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I’m Thankful for Family Medicine

November 29, 2013
By

I’m re-posting a piece I wrote 3 years ago. It still applies today.

I realize I’ve griped a lot in my previous posts, though I don’t see myself as a nattering nabob of negativism. For problems to be fixed they first must be identified, and our healthcare system has lots of problems. However in this season of giving thanks, I thought a few positive thoughts would be appropriate.

I love being a family physician. If I had to do it all over again I wouldn’t change a thing.

I love the breadth of family medicine. I love being able to take care of just about every person that walks through the door. Even when another doctor is the right person to take care of a niche need, I love knowing that I was usually the person that identified the problem and that I’ll be responsible for the long-term care. I love the fact I can care of patients’ needs from prenatal care to end of life care.

I love taking care of sick patients. I love easing a patient’s pain. I love figuring out why a person can’t catch her breath then treating her to the point she can breathe easy again. I love the procedures we do. I love the challenge of sticking needles and knives into patients to diagnose and treat them.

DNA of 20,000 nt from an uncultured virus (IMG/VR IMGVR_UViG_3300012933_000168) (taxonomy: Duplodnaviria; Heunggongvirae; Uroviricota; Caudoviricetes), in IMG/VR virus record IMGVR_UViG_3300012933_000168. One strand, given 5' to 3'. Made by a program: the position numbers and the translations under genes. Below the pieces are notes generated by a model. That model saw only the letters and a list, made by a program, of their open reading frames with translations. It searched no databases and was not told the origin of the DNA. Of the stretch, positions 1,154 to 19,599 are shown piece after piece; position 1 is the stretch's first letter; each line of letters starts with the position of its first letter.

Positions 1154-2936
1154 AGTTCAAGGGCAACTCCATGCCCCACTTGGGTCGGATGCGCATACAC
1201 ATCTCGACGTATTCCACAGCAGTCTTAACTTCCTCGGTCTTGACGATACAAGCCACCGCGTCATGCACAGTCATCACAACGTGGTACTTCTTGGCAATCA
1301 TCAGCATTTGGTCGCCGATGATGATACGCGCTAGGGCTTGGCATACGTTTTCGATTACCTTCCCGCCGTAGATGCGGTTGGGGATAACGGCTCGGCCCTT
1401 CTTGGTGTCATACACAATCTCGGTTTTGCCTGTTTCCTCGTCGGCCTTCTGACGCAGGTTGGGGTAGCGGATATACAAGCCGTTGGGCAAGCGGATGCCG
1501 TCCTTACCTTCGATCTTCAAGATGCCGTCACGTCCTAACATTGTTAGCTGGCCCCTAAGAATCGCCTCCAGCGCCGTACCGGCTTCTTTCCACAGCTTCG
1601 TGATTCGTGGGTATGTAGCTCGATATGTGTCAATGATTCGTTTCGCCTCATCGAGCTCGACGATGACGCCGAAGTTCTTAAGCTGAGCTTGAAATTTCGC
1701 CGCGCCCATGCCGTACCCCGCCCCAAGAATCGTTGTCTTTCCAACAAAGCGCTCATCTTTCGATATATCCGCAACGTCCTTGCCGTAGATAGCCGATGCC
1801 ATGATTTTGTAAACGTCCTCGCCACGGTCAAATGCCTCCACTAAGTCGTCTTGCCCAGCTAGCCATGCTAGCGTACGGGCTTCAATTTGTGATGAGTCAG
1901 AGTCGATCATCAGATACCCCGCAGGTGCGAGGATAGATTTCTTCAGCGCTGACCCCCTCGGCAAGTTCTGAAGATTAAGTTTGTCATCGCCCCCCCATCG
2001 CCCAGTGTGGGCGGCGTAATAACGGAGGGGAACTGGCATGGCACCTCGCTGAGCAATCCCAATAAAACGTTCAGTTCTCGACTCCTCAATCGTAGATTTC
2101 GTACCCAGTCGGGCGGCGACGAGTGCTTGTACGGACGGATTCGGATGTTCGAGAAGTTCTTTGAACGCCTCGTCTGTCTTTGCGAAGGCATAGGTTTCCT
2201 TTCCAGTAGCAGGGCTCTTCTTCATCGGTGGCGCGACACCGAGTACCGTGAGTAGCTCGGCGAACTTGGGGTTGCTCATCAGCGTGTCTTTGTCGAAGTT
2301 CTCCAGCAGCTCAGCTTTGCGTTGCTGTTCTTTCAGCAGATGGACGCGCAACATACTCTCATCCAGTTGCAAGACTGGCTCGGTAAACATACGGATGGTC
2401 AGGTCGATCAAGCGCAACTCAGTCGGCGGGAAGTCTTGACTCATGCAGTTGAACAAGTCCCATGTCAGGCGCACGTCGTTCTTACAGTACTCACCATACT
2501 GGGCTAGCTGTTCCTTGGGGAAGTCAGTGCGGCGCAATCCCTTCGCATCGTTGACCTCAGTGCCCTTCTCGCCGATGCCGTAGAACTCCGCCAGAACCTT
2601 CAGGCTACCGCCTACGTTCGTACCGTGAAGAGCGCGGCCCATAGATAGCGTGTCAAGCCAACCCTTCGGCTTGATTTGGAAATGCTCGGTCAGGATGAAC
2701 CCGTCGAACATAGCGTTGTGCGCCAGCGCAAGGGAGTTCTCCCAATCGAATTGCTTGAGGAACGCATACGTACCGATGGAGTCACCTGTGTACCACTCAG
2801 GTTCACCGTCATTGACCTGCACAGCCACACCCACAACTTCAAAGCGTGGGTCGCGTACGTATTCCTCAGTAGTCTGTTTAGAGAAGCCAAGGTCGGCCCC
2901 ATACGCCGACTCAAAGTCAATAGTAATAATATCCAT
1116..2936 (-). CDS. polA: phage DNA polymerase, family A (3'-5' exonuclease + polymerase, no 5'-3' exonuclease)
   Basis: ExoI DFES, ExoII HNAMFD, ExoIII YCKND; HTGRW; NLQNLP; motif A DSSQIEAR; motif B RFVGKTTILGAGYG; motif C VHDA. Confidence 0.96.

I love the fact I can competently take care of undifferentiated patients in a clinic, hospital, or ER. I love the fact my comprehensive family medicine training allowed me to care for emergency patients for 11 years.

I love the relationships I’ve had with my residents, colleagues, and patients. My colleagues in private practice talk even more glowingly about their long-term relationships with patients — experiences such as delivering the baby of a young woman he delivered 21 years earlier. The quirks of my residency teaching job have made my career slightly different from my fellow family physicians, so the long-term patient relationships have been a little harder to come by.

I love taking care of complex patients. I love explaining to them why they don’t feel 100%, laying out their options, and then negotiating with them which approaches they’d like to try. I enjoy the intellectual challenge of working with patients who have 5 chronic diseases and 3 new symptoms. I love it when this process causes a patient to sleep better, regain lost energy, regain some self confidence, return to the job, return to their volunteer work, be in less pain, or any number of other positive outcomes.

I can’t say I love telling a patient his cancer has returned, or family members that their loved one just died. However, I would like to believe that if I handle these difficult situations well, maybe it will help ease the suffering and move people along the normal trajectory of grieving.

I am so thankful I have the privilege of having (and I hope earning) my patients and residents trust each day. I am continually amazed at how quickly patients are to tell me their secrets just because I wear a white coat.

I love being a family physician.

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